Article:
As Toyota moves production of the Corolla south of the border, it will retool its plant in Cambridge, Ontario, where the Corolla is currently manufactured. The Canadian plant will then be transformed to build a midsize vehicle that has not yet been named.
Toyota's move to Mexico has been widely anticipated as the automaker indicated last year it would resume its global expansion after a three-year halt to adding new plants.
The pause in adding production while Volkswagen continued its global expansion is one reason why the German automaker has closed the gap in sales between itself and Toyota, the world's leading auto manufacturer.
Most of the Corollas built in Mexico will be exported north to the U.S. and Canada. Adding another plant outside of Japan will help the company further offset the impact a strong yen if the Japanese currency rebounds in the future.
Mexico is rapidly becoming a major auto exporter. This year, the country will produce more than 3.3 million vehicles and most will be exported to North and South America.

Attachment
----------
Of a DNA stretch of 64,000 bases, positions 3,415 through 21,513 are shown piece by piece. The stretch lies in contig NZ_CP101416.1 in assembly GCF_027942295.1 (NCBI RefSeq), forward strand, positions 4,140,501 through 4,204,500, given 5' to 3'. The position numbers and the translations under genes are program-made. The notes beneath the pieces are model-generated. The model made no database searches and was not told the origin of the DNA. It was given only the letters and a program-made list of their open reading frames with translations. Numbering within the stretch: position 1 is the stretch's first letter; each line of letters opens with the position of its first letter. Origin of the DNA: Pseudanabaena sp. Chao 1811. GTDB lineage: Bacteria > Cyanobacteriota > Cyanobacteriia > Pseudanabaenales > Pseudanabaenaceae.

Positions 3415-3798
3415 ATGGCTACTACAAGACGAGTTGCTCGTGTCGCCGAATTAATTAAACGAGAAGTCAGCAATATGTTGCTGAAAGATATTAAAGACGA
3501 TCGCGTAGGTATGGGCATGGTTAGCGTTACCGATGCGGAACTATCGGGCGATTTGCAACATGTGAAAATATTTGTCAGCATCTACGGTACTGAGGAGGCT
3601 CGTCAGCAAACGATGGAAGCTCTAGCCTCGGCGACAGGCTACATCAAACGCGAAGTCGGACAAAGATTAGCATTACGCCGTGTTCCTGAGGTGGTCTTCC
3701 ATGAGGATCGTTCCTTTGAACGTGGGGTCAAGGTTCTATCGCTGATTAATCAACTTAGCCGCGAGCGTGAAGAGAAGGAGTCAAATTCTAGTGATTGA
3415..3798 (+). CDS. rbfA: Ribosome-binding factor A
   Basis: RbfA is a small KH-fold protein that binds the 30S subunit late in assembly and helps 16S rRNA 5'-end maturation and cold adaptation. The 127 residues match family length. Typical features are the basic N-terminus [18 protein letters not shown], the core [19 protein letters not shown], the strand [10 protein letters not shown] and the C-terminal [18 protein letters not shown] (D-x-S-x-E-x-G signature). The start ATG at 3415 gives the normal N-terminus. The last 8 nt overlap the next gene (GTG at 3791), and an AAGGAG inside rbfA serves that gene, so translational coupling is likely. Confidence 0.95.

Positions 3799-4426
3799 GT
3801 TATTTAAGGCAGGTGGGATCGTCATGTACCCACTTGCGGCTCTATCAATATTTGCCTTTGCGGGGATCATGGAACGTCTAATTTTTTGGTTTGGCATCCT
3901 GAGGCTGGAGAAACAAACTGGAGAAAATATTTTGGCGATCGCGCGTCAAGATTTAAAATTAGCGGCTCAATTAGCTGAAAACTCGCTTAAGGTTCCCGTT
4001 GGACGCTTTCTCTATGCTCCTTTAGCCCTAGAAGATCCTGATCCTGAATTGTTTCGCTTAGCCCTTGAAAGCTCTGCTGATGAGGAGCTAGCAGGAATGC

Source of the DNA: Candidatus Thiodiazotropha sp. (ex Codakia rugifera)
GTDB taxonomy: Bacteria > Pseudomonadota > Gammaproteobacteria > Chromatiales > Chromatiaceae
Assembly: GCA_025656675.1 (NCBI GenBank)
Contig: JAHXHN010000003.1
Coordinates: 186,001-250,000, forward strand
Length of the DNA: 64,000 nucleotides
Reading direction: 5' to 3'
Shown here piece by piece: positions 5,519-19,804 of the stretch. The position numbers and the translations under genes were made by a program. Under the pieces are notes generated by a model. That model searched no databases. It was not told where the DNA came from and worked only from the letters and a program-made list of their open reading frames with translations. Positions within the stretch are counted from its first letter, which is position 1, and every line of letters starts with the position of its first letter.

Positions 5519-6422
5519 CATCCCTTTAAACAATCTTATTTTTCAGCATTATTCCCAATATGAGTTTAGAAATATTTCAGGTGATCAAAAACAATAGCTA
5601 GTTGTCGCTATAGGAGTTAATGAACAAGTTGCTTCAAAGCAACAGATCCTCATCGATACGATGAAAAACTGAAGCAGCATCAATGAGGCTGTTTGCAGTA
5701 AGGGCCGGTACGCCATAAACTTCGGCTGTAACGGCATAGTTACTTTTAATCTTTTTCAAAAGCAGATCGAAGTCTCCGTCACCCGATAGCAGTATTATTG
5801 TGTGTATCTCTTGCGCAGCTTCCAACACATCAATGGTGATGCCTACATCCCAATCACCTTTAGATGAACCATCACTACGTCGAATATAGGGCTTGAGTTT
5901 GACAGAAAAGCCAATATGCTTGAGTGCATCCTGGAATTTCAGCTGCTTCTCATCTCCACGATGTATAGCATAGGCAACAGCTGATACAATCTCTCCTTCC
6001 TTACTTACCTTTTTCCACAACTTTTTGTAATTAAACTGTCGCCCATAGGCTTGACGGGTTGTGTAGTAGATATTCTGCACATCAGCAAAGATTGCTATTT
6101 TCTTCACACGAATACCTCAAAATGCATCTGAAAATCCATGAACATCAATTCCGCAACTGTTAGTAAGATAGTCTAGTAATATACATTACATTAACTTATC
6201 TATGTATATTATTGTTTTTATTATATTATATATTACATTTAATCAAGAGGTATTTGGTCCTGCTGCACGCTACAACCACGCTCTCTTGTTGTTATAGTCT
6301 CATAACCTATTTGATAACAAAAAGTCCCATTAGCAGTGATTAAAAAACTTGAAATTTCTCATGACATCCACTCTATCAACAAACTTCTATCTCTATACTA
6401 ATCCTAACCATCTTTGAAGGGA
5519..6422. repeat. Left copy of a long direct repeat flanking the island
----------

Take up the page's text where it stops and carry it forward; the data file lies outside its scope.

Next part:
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Due to NAFTA, trade agreements with several other countries and its central location in the Western Hemisphere, Mexico has become an ideal location for production expansion by automakers. The country's lower labor costs also makes Mexican auto plants more profitable to operate.
"Our next-generation production facility in Mexico will be a model for the future of global manufacturing and set a new standard for innovation and excellence," Lentz said.